This makes it easy to underestimate what it will take to adapt and extend this prior experience in an environment that is operationally and culturally quite different. As IRO you are no longer a consumer but a provider of first-hand corporate intelligence. The role will carry a portfolio of responsibilities that are completely new.

As Louise Turner-Smith, formerly special situations analyst at Allianz Global Investors, and now head of IR at Kier Group plc, puts it: “Having been a user of many different IR outputs confers advantage as one knows what good looks like. Producing it is entirely another matter and requires one to ramp up communication, time management and diplomacy skills rapidly.”

More demanding roles for IROs
I was an early entrant into the then new pure IR profession in the UK at a time when, to most people, ‘IR’ still meant industrial relations. There was very little experience about and no senior practitioners to consult. NIRI in the US were very helpful; but we were developing the rules and best practice for our UK IR model for the first time.

The good news today is that help is at hand. The IR Society works hard to provide events and training for IROs of all levels and there is now a bank of senior experience that simply didn’t exist even 15 years ago.

At the sharp end of placing IROs, Andrew Lowe, principal at leadership consulting firm Korn Ferry has found that: “Companies are demanding more from IR leaders, not just financial acumen, but also deeper technical skills, greater strategic input and broader experience. An increasing number of IR leaders have risen from financial services areas, including equity research. With the right induction and support to develop their corporate and wider IR role skills, ex-financial services candidates can do very well.”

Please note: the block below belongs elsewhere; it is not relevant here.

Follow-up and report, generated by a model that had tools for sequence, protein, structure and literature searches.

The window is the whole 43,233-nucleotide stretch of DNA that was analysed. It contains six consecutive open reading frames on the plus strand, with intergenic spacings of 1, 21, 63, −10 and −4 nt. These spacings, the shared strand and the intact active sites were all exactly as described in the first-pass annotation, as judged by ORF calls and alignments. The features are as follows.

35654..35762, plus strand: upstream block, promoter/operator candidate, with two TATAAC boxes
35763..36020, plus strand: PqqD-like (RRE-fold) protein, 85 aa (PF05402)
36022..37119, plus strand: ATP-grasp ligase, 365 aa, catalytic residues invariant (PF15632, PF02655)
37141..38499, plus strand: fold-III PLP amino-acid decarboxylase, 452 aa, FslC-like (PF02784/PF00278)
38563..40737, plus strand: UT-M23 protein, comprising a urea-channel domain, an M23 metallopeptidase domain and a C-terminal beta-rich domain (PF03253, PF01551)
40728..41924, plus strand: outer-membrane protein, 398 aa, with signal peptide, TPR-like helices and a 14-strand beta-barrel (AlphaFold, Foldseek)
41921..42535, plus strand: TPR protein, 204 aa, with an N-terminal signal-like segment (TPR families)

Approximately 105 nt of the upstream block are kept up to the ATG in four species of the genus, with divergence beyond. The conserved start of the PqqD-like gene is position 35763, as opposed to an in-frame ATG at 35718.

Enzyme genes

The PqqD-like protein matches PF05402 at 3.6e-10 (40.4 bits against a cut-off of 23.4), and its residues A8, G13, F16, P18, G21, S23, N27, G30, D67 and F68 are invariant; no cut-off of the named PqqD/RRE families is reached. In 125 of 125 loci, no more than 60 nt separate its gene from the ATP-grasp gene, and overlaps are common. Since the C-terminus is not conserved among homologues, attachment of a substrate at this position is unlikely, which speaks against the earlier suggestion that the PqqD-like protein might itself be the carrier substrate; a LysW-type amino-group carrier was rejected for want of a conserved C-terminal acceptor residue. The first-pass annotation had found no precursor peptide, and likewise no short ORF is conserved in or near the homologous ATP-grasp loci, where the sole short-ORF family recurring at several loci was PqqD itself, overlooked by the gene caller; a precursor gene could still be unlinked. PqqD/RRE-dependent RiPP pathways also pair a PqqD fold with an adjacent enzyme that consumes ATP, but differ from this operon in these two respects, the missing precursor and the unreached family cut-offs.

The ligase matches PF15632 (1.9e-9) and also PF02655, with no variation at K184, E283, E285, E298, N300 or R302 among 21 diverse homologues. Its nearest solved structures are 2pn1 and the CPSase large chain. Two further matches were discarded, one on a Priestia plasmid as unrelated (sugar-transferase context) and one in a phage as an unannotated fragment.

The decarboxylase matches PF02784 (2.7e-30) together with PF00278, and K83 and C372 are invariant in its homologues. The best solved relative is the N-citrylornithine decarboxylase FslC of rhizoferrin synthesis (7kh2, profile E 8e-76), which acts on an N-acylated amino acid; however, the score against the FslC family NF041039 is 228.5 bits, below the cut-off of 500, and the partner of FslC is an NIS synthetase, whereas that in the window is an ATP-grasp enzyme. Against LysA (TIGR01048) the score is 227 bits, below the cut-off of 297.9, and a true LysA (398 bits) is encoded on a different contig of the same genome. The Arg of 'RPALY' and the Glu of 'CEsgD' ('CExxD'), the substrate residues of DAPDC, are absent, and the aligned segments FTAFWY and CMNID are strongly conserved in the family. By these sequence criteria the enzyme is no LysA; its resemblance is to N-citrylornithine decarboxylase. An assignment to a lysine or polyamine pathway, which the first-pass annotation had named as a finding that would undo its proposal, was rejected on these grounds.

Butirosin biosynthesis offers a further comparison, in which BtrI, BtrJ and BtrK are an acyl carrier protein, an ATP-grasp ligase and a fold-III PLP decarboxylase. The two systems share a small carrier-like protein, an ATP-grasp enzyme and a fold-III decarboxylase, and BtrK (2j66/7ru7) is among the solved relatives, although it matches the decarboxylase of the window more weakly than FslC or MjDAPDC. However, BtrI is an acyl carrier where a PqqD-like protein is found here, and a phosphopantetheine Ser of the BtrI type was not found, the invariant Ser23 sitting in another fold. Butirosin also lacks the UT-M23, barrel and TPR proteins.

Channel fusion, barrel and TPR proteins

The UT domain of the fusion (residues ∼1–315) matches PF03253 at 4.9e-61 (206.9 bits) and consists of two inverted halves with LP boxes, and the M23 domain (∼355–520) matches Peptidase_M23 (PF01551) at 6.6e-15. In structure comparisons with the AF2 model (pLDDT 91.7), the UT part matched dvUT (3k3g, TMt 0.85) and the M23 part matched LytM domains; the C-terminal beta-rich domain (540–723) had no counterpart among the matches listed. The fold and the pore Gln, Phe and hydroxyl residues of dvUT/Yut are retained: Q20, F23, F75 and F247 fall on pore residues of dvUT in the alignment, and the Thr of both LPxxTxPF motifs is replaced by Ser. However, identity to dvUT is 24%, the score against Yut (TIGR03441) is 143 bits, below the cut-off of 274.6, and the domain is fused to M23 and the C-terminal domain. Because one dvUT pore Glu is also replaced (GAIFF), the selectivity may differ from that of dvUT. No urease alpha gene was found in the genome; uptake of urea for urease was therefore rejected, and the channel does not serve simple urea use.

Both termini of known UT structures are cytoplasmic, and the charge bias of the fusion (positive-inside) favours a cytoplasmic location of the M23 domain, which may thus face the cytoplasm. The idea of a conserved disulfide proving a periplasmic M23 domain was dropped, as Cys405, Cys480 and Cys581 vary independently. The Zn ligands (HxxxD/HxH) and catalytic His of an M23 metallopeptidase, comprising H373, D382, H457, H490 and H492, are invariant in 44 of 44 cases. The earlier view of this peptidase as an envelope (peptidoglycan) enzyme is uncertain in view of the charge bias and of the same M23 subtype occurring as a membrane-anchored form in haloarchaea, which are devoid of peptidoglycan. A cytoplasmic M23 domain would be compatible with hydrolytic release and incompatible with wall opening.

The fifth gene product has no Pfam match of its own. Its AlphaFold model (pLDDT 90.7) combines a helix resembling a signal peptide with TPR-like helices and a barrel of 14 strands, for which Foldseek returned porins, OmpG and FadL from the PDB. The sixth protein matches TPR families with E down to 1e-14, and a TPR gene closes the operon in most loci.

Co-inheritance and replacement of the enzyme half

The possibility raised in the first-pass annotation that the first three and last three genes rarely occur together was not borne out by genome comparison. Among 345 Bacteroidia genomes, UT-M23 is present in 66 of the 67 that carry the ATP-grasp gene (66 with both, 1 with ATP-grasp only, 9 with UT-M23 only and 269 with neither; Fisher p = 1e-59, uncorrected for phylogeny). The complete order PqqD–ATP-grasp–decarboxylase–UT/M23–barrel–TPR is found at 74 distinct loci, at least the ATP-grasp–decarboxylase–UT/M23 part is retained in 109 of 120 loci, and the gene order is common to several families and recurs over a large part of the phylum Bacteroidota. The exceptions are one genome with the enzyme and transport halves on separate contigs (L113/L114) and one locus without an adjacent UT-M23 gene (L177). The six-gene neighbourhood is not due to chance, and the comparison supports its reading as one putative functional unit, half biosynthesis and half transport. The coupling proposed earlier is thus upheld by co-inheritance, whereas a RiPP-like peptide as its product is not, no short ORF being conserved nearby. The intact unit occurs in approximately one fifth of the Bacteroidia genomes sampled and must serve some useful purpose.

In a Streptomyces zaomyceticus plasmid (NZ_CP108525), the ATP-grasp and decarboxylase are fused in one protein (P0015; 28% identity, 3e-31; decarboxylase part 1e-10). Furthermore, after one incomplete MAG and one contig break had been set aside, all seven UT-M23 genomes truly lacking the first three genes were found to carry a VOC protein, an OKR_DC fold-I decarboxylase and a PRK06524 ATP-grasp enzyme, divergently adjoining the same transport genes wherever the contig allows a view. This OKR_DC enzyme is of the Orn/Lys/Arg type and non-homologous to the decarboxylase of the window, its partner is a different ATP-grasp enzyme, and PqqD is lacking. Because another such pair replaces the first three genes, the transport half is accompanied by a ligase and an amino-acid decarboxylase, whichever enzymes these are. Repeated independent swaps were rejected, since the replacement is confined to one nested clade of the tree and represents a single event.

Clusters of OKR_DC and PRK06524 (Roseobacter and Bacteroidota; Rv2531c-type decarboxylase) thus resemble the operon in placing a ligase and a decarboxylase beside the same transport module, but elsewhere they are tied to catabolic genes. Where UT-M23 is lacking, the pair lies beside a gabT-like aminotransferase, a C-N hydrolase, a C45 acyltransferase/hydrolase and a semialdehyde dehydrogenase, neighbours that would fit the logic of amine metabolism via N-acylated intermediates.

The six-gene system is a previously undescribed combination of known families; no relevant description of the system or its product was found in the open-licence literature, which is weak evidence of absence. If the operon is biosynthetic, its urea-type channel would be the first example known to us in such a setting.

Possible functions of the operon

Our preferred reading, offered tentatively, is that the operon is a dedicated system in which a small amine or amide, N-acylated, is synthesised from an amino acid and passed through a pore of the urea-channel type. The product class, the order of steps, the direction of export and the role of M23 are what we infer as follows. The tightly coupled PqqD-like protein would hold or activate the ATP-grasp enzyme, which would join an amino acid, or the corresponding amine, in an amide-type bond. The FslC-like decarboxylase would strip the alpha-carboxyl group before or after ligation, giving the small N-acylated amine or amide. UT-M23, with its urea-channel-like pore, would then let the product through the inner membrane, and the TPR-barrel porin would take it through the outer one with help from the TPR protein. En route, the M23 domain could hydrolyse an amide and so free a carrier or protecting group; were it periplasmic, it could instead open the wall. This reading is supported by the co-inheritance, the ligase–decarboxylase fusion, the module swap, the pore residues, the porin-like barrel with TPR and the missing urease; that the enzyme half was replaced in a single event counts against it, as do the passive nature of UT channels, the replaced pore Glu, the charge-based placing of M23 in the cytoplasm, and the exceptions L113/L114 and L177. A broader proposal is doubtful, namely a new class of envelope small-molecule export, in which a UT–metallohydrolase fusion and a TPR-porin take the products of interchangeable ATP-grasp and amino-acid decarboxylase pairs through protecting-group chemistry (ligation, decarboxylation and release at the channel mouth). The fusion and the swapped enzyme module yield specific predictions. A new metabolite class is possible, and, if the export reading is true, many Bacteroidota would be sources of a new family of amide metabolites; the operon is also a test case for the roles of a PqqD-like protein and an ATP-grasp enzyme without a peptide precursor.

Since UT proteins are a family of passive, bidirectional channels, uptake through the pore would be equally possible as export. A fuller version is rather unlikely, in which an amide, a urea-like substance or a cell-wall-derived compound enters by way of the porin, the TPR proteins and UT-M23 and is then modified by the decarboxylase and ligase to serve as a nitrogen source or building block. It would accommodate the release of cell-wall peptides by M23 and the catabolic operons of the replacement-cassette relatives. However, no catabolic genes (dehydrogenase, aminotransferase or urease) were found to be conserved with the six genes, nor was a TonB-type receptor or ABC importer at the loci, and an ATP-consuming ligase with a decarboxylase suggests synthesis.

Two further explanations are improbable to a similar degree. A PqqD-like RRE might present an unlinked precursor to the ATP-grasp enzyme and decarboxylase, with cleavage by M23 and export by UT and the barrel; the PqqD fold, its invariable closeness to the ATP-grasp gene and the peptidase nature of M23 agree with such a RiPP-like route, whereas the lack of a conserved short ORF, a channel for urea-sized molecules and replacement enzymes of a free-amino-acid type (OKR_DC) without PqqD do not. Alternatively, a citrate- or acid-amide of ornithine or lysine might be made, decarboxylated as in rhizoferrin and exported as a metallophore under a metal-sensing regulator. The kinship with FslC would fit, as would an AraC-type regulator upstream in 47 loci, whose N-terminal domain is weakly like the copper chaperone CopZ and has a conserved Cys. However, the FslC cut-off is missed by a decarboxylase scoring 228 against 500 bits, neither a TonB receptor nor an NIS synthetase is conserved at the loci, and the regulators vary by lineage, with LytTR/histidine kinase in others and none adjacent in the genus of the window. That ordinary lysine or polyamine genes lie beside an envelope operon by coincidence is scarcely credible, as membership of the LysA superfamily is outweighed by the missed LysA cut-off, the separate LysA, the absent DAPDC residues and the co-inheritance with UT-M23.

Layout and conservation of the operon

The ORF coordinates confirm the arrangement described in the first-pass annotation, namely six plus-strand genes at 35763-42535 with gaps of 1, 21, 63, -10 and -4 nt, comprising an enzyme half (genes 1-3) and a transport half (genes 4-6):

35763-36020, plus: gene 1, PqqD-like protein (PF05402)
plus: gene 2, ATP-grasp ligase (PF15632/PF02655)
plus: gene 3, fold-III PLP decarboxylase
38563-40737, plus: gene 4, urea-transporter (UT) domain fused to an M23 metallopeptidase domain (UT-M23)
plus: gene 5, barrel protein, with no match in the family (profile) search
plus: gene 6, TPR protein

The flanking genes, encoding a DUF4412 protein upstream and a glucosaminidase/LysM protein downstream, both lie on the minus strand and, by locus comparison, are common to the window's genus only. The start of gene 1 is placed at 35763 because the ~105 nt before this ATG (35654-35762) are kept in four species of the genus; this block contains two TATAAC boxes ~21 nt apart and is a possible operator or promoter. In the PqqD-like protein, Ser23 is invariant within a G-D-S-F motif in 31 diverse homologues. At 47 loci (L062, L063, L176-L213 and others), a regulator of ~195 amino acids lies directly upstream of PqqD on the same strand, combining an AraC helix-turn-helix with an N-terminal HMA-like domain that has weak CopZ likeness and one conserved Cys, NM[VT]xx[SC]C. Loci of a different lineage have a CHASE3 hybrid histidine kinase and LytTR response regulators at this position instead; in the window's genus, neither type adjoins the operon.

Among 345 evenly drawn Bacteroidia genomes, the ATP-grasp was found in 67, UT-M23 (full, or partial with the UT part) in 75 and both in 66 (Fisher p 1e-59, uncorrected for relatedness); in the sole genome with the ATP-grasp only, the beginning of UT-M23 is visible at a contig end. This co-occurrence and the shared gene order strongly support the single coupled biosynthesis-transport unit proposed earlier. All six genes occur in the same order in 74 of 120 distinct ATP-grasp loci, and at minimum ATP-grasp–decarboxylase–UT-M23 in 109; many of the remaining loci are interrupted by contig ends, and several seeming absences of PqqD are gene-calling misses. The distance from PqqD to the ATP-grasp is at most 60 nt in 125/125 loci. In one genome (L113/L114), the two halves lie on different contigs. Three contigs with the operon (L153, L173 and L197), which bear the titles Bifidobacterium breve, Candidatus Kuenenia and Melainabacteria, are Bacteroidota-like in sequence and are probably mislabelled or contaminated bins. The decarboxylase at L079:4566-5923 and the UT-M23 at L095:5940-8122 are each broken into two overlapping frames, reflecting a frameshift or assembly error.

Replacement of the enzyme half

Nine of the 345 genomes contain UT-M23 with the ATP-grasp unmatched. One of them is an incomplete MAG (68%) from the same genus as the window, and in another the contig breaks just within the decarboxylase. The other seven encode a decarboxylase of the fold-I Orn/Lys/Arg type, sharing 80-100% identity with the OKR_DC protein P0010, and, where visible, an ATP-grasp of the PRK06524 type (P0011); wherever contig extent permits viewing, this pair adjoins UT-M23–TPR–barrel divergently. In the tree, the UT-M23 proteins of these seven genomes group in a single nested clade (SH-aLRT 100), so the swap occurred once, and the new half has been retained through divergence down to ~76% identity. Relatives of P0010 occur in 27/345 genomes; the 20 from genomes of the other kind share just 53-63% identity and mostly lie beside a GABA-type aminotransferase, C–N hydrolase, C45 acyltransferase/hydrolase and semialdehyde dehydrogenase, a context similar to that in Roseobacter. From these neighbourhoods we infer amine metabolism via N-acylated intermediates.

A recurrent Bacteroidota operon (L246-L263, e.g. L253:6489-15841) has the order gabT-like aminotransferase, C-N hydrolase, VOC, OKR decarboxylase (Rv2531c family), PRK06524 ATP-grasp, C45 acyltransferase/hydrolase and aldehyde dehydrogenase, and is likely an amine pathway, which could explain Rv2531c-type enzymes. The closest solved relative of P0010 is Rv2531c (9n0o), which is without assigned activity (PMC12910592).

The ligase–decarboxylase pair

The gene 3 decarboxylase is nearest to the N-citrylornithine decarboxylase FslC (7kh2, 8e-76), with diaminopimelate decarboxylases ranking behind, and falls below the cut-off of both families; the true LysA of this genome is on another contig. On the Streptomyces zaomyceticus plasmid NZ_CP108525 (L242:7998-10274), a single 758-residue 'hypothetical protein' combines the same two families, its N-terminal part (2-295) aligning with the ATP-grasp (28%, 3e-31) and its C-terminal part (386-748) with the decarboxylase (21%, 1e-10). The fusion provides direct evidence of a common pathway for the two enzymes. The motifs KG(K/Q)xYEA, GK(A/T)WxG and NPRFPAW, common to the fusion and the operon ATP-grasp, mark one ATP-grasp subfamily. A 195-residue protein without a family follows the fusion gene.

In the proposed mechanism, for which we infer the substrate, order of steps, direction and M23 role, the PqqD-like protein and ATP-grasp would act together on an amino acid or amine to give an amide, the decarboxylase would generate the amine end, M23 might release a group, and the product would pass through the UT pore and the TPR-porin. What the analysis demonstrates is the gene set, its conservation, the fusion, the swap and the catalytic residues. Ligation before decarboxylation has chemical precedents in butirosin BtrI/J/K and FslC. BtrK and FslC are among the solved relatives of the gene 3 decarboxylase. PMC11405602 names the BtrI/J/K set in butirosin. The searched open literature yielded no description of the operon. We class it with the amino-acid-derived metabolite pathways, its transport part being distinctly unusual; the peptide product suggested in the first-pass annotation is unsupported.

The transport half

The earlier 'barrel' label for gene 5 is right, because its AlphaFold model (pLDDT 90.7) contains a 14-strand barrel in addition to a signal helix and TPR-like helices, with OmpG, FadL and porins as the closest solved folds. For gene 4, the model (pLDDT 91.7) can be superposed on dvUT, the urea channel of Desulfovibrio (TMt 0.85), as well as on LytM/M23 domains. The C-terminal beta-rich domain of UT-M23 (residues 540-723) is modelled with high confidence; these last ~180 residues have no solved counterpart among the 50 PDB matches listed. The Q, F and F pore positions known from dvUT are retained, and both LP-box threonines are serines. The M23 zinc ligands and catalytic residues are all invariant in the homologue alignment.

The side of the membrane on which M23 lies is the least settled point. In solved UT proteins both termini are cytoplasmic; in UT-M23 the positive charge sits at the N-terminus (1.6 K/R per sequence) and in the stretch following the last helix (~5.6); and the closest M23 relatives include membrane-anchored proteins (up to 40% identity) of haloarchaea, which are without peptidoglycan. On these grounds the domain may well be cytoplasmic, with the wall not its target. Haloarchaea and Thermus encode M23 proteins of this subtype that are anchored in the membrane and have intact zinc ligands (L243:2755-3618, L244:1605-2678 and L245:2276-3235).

Avoiding surprises
I have never looked back for one moment since making the transition from fund management to IR. It is a truly privileged role, working alongside the board (with many of us now sitting on executive boards), with unfettered access to the business and management. Many senior IROs have deservedly earned the status of ‘trusted adviser’ to the directors.

So, if you are thinking of making the move, you will be making a career decision that I personally found extremely rewarding.

To avoid surprises, and help you get off to the best possible start, find out about the new plc environment into which you will be moving, and what exactly the IR role will encompass. What areas of expertise will you be expected to know about and how should you work with your new colleagues? Don’t assume that what you know about the company from your contact so far is the full story!

On the other hand, as an ex-City hand, you will be able to impress your CEO and CFO from day one by guiding them swiftly through the City back street short cuts – and the best coffee shops en route – during roadshow!

Alexandra Hockenhull, who offers coaching and mentoring services to directors and IROs, was one of the first entrants into the full-time IR profession in the UK. She was also one of the first IR Society fellows created (1997), a director for over 10 years, latterly as deputy chairman, and chairman of a number of the committees.

Alexandra Hockenhull is founder and managing director of Hockenhull Investor Relations, the IR professional development consultancy.

Published 4 April, 2017